Parenting from the Same Page
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Parenting is still more art than science, but in the last thirty years, much excellent research has established some of the facts of optimal child rearing.... Disputes can be resolved or at least clarified by finding out what science has discovered about that aspect of raising kids. But keep in mind that many disagreements are fundamentally about values and cannot be resolved by facts alone, that each child is an individual who may differ from the average tendency of the groups that are the basis of most studies, and that any parenting expert who sounds completely sure of himself or herself is suspect.
Negotiating your differences. Strong couples negotiate all the time, whether it's how to answer a child's questions about God, or what to watch on TV tonight. It doesn't mean you don't love each other if you sometimes find yourselves striking a bargain like shoppers at a flea market. Getting skillful at negotiation can only serve your marriage - plus help you with your child, whether she's two or twenty. Good books have been written about negotiating in general (e.g., Getting to Yes by Roger Fisher and William Ury) or for parents in particular (e.g., Why Parents Disagree and What You Can Do About It by Roberta Israeloffand Ron Taffel, Ph.D). In our view these are the six essential steps:
- Know what you want.
- Establish a favorable foundation.
- Communicate clearly.
- Respect feelings.
- Work out the details.
- Make a commitment.
1. Know what you want. Negotiating is all about wants. To get what you want, you need to know what it is. Our wants are layered, like a parfait, with less important and fleeting desires on top and vital and enduring ones underneath. The deeper you go, the more you will get to what you really want. And the more that you and your husband can talk about what you each really want, the more teamwork and friendship you'll have in your marriage.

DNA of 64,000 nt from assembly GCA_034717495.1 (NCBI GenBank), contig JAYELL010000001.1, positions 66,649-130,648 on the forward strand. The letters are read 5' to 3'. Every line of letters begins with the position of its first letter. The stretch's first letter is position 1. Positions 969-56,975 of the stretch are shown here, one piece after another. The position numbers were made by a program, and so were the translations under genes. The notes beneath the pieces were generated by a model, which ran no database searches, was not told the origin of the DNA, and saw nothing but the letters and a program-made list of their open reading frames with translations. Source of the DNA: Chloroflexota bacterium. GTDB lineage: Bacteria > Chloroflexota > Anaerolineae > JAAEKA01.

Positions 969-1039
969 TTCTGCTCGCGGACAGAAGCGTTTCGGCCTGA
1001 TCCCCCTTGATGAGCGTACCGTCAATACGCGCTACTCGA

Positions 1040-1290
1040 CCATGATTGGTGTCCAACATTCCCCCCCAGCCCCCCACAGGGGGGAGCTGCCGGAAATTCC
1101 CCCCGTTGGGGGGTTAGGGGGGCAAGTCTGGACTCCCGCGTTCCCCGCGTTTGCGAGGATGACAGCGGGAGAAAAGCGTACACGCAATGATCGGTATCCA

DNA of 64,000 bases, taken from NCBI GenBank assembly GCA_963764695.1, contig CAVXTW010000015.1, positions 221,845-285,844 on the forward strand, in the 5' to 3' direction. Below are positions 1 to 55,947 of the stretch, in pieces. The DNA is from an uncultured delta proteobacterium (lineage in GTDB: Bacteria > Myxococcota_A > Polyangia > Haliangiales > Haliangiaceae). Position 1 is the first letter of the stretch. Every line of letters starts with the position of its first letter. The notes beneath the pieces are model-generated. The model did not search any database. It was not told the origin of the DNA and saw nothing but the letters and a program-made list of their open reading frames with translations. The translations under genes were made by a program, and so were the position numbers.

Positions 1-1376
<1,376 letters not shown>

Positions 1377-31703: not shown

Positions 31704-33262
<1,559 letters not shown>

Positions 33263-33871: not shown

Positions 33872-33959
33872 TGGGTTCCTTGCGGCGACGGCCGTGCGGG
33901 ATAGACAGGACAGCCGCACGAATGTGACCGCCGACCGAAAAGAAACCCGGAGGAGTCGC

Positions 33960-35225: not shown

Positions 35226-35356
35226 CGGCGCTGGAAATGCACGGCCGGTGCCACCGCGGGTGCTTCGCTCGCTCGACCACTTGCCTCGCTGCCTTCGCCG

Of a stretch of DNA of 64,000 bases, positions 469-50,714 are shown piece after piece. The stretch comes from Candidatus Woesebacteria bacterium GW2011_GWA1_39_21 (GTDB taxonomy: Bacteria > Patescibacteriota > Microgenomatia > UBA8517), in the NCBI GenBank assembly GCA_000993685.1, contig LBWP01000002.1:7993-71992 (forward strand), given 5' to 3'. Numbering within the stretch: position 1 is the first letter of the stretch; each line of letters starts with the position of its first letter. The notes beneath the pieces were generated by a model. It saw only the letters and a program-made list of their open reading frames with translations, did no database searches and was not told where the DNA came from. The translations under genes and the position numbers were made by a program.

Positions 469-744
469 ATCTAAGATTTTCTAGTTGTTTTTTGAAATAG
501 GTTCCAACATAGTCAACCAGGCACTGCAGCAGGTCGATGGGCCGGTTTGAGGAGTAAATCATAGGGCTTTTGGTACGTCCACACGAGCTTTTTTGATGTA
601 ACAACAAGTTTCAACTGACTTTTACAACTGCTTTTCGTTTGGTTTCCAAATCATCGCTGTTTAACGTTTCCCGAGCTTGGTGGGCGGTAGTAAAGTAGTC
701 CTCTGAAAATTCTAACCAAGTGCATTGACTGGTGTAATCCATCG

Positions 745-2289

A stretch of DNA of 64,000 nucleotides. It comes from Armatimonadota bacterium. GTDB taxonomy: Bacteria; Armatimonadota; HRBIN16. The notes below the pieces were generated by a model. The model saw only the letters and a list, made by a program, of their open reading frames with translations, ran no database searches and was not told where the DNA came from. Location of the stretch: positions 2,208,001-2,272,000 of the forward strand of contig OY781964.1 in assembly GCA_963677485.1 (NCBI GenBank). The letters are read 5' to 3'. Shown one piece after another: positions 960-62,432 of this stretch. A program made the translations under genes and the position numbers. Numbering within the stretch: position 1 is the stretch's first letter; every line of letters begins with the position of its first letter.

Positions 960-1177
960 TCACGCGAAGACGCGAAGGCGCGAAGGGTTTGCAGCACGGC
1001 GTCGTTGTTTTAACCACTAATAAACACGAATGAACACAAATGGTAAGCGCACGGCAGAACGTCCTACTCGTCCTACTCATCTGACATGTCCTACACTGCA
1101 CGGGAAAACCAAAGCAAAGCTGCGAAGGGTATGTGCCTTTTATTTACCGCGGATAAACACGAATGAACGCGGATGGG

Therefore, try to probe beneath the surface of your wishes or complaints - such as being peeved that he routinely comes home late from work - to find the deeper stakes, which in this case might include wanting to feel you matter enough to him that he would care about how his lateness affects you, or that you can trust him to keep his agreements. Try to sort the wants from your childhood into a pile that's separate from those that come from a more adult place within your mind. For example, suppose that people frequently kept you waiting a lot as a kid, you hated the boredom and powerlessness of it, and the strong desire to not let that happen again is getting mixed in with your need as a grown woman for him to get home on time to help you during one of the most stressful times of the day: the mad dash before dinner.
When you acknowledge and accept the child wants, you'll usually feel a softening inside and a nurturing kindness toward yourself. You'll also see ways that the situation you faced as a child was different from the one you're in today. That simple understanding has an amazing power to lower the emotional charge on your wants. When its time to talk about your desires, try telling him the parts that come from your childhood so he can have a better understanding of what's linked in your mind to seemingly small issues, like being fifteen minutes late. Your openness will probably evoke more compassion and support from him - and if it doesn't, you can ask for them.
Take a close look at any thoughts that argue against your wants, such as Oh, it's just not practical for him to get home on time every night. If the thought has merit, it could lead you to adjust your wishes, like telling your partner that you can live with his coming home late one night in five, or that you just want him to give you a call when he knows he's going to be late. But many thoughts are not good friends to us, trying to talk us out of wants that are in fact legitimate, reasonable, and positive. Try to challenge those thoughts like this: Is there really some rule that says I can't ask for that? Would the world come to an end if I got what I wanted? Does he make the same assumptions when it comes to his own wants? Your partner may not give you what you want, but that does not mean it was bad to want it in the first place, or bad to express it. For example, it's reasonable to want your husband to be more supportive when you are struggling with a preschooler's tantrums. It is valid to want him to use a different tone of voice while disciplining a child. It is completely okay to want him to do something within his own head, like clearing his mind of work clutter during the drive home so he can be mentally present and ready for kid-action when he walks through the door.
More on: Children's General Health
From Mother Nurture: A Mother's Guide to Health in Body, Mind, and Intimate Relationships by Rick Hansen, Jan Hansen, and Ricki Pollycove. Copyright © 2002 by Rick Hanson. Jan Hanson, and Ricki Pollycove. Used by arrangement with Viking Penguin, a member of Penguin Group (USA) Inc.
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